LONDON (Reuters) - Mercuria, one of the world’s biggest independent energy trading companies, said on Thursday it was considering a range of ways of raising capital, including a possible tie-up with a sovereign wealth fund.
Chief Executive Marco Dunand said Mercuria was spending up to $400 million a year on upstream assets, including oil and coal reserves. It has funded investments so far mostly through its own cash flow and has also issued some debt.
The Geneva-based company, which trades oil, gas, coal and a range of derivatives and expects to have a turnover of around $70 billion this year, was not considering an initial public offering (IPO), Dunand said, but had many other options.
”We are not thinking about an IPO -- but that doesn’t mean we don’t have an open mind,“ Dunand told Reuters Energy and Climate Summit. ”We are keen to consolidate our culture before we could think about changing it.
“Having said that, we have also been approached by potential investors -- sovereign funds and others -- who wish to make a private-equity type of investment in our company,” Dunand said.
“These investors believe that commodities and commodity trading is important either for strategic reasons because it is a country with exposure to energy from either a producing or consuming point of view, or other types of investors who also have exposure to energy,” he said.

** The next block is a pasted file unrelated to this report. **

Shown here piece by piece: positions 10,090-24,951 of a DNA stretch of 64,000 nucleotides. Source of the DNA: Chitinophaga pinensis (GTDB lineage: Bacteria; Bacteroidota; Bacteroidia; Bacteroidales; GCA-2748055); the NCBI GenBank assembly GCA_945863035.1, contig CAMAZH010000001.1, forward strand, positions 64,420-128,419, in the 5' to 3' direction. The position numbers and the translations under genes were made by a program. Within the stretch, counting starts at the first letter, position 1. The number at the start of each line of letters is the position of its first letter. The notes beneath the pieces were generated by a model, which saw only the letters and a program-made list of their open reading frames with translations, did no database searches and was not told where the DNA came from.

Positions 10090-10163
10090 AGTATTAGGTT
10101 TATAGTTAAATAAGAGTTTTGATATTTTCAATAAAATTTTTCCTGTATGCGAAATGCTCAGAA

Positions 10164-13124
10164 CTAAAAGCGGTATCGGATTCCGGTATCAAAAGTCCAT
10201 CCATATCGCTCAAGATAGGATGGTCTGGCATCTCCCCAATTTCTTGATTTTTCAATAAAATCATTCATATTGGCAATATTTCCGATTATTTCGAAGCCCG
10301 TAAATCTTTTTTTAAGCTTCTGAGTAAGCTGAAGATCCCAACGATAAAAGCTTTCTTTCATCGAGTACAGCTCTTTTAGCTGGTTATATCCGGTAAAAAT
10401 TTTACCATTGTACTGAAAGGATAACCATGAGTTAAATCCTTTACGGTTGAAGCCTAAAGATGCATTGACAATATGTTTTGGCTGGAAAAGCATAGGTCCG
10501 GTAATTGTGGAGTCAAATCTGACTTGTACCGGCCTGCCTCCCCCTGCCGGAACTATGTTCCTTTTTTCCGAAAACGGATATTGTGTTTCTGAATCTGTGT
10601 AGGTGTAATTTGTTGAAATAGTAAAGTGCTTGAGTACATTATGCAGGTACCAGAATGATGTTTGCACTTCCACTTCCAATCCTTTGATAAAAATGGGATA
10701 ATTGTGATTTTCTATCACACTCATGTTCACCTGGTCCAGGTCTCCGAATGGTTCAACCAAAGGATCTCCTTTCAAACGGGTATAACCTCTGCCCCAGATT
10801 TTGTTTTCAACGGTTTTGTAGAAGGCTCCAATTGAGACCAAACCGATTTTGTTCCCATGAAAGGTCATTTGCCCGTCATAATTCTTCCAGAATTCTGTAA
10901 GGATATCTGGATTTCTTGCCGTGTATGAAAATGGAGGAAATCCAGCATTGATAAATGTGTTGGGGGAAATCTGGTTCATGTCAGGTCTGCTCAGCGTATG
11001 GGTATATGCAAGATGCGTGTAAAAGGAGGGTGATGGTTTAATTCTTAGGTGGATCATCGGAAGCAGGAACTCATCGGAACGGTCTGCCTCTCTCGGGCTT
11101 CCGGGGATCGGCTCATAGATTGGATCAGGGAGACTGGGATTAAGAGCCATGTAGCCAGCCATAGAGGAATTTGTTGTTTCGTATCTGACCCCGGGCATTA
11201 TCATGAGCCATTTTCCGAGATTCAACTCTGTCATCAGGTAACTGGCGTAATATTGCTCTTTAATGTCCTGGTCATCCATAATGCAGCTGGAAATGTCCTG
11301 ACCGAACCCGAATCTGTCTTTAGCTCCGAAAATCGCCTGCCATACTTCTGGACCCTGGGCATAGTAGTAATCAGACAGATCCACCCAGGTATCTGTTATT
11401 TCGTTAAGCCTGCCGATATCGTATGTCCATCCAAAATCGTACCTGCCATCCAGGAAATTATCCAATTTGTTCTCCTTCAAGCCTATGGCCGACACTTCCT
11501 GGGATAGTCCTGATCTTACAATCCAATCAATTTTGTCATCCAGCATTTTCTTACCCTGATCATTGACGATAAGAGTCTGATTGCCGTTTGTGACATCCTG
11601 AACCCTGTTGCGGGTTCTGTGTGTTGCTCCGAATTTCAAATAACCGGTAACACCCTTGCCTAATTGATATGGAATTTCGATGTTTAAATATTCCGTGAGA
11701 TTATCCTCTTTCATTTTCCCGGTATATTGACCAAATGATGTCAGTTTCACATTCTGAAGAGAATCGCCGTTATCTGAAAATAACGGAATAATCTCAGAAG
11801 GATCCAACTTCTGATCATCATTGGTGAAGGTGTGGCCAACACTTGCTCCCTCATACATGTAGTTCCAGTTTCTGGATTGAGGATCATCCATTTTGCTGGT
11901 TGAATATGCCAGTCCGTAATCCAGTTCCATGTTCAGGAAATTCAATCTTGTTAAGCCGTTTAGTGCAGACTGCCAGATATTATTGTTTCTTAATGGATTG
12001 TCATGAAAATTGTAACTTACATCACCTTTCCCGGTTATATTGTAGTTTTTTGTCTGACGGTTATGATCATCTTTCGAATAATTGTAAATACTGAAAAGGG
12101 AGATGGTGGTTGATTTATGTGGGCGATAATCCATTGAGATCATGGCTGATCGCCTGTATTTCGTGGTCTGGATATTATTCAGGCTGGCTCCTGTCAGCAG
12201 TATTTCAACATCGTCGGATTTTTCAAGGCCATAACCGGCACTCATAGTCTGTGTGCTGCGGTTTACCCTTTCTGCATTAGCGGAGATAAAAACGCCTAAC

Dunand declined to say which potential investors Mercuria was talking to or detail the scale of a possible investment, but said: “It might be like a private equity investment -- maybe 10 percent of the company, but (it is) too early to say now.”
“We are at the very early stages of talking to people,” he said. “We are just looking into it at the moment. There is no time frame.”
Glencore, the world’s largest diversified commodities trader, listed in London (GLEN.L) and Hong Kong last month, raising billions of dollars to finance its upstream activities including mining as well as potential acquisitions.
The move has raised expectations that other commodities traders, including Mercuria, might follow suit, securing cheap, long-term funding to underpin costly upstream infrastructure.
Dunand, who co-founded Mercuria in 2004, said the company had been investing between $200 million and $400 million per year in upstream production over the last 3-4 years, in a range of reserves including oil and coal and this would continue:
“I think we will stick on the same kind of path. It will be opportunity driven,” he said.
He said he had been watching Glencore with interest to see what impact its listing had on the company.
Like pre-IPO Glencore, Mercuria is privately owned by its employees and has close to 100 equity holders with various percentages of shares, Dunand said.
“The logic behind an IPO would be a need to raise extra cash to invest in more activities. At the moment, we can finance it through our own balance sheet, or we can do it through joint ventures with others,” Dunand said.
“Therefore we don’t see the need to raise money from the market. I am not convinced that an IPO is the right model for our company,” he said.
“So far we haven’t yet wanted to raise capital to fund a particular project. If that situation comes, then we will have to look at what is the best way to address it. One answer maybe to form a partnership with others.”
Additional reporting by Dmitry Zhdannikov; editing by James Jukwey